8. Parent2 says:

    Parents should monitor string and plastic wrappers, as they’re both choking hazards. Babies also love balloons, but need supervision. At a certain age, everything goes in the mouth.

    An empty cardboard box, a ball, stacking cups, a saucepan and spoon, and a rattle. Large metal spoons. Keys. A plastic mirror. An old telephone. Homemade play dough.

    In contrast to some modern parents, I like playpens. Children should learn to amuse themselves, and there is such a thing as too much parental involvement.

  9. deirdremundy says:

    If you do a decent job child-proofing, the whole house becomes a playpen!!

    My crawlers don’t want constant interaction, but they have the whole house at their disposal. (dangerous things and breakables are up high. If they can reach it, they can have it.)

    So, of course, fancy toys are less interesting than spoons, books, tupperware, drawers, hampers, paper, etc…. We have toys, of course. (Blocks, little people, and pretend food seem to be the perennial favorites.) But the super-educational stuff? Your kid will learn more from a walk in the sling (where you can point out dogs, trees, and cars).

    We do use a playpen at Christmas sometimes — if we have a toddler, we put the tree in it to keep the ornaments safe! And we bring one when we have to visit a non-child-friendly home. But if you want an educational environment for your child, ditch the playpen and let them explore your home— after all, kids are members of the family too, so why treat them like goldfish or hamsters?

  10. Mark G. says:

    My question is whether all the fancy toys, videos and “my six month old can read Homer!” products have any real long term benefit more than parent-time, hand-me-down picture books, and building forts with the couch cushions. The super-early reading programs are what concern me–is there evidence that learning to read at age one really helps? I think the masses have learned to read (ages 3-5 or so) when they do because that is when the brain is ready. It’s like those parents in the movies to enroll their kids in some illustrious preschool before the child is even conceived. Does it make a difference, really? Is the kid more guaranteed to be a functioning, productive, positive member of society?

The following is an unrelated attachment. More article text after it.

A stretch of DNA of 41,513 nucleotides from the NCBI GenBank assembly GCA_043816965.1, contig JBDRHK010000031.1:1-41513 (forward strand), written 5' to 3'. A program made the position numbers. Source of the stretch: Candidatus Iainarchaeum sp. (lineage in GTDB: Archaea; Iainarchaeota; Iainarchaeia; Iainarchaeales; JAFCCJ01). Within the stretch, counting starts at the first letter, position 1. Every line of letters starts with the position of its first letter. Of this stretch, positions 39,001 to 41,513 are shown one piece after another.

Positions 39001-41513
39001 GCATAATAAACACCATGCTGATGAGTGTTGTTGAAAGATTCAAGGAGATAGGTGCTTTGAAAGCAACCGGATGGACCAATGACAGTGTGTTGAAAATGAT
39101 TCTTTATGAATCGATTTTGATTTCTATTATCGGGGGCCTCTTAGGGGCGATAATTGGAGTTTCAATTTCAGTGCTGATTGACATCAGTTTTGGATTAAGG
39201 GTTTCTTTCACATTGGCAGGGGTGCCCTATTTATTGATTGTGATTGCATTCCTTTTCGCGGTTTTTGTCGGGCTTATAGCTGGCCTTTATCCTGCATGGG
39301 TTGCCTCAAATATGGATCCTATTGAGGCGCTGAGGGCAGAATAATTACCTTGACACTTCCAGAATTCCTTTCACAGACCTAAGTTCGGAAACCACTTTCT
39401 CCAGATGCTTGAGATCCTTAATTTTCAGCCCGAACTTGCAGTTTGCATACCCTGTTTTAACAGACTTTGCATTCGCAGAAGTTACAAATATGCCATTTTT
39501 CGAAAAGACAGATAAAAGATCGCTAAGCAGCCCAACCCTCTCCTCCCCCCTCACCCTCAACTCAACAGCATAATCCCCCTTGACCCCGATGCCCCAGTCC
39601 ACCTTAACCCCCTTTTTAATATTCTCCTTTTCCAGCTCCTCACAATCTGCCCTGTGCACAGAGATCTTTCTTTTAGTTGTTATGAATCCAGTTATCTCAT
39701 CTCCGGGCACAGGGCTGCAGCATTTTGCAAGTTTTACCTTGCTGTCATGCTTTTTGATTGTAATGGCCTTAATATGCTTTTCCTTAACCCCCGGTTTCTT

In American consumer society after all, it’s not about raising smart kids, it’s all about making money…and exploiting fears and uncertainties to make money. No one wants their kid to grow up to be inadequately intelligent, so it’s a perfect fear to target, manipulate and exploit. And parents take the bait…I’m as guilty as many with my two kids, except sticker-shock forced me long ago to rethink what was really going on here.

  11. Mark Roulo says:

    …after all, kids are members of the family too, so why treat them like goldfish or hamsters?

    I don’t think I have ever seen a goldfish or a hamster in a playpen 🙂

    -Mark Roulo

  12. SuperSub says:

    Stacking rings, blocks, and insert-a-shape balls are all the toys a toddler needs.

    The only thing that those ‘early development’ toys and videos will develop is ADHD.

  13. Allison says:

    Have none of you heard of the CPSIA?


    Sell that dustbunny without testing for lead–and it WILL come back above the currently allowed Congressional standard–and without a batch tracking number, and you will be fined thousands, and able to be sued for more.

    The CPSIA is a real disaster. Read about what it’s doing to libraries, used bookstores, garage sales. Every old book you want to buy your kids? Outlawed. This madness is driving science kits out of business, too.

  14. LOL! Too funny but SO TRUE! My son wants to play with everything but his “baby toys”.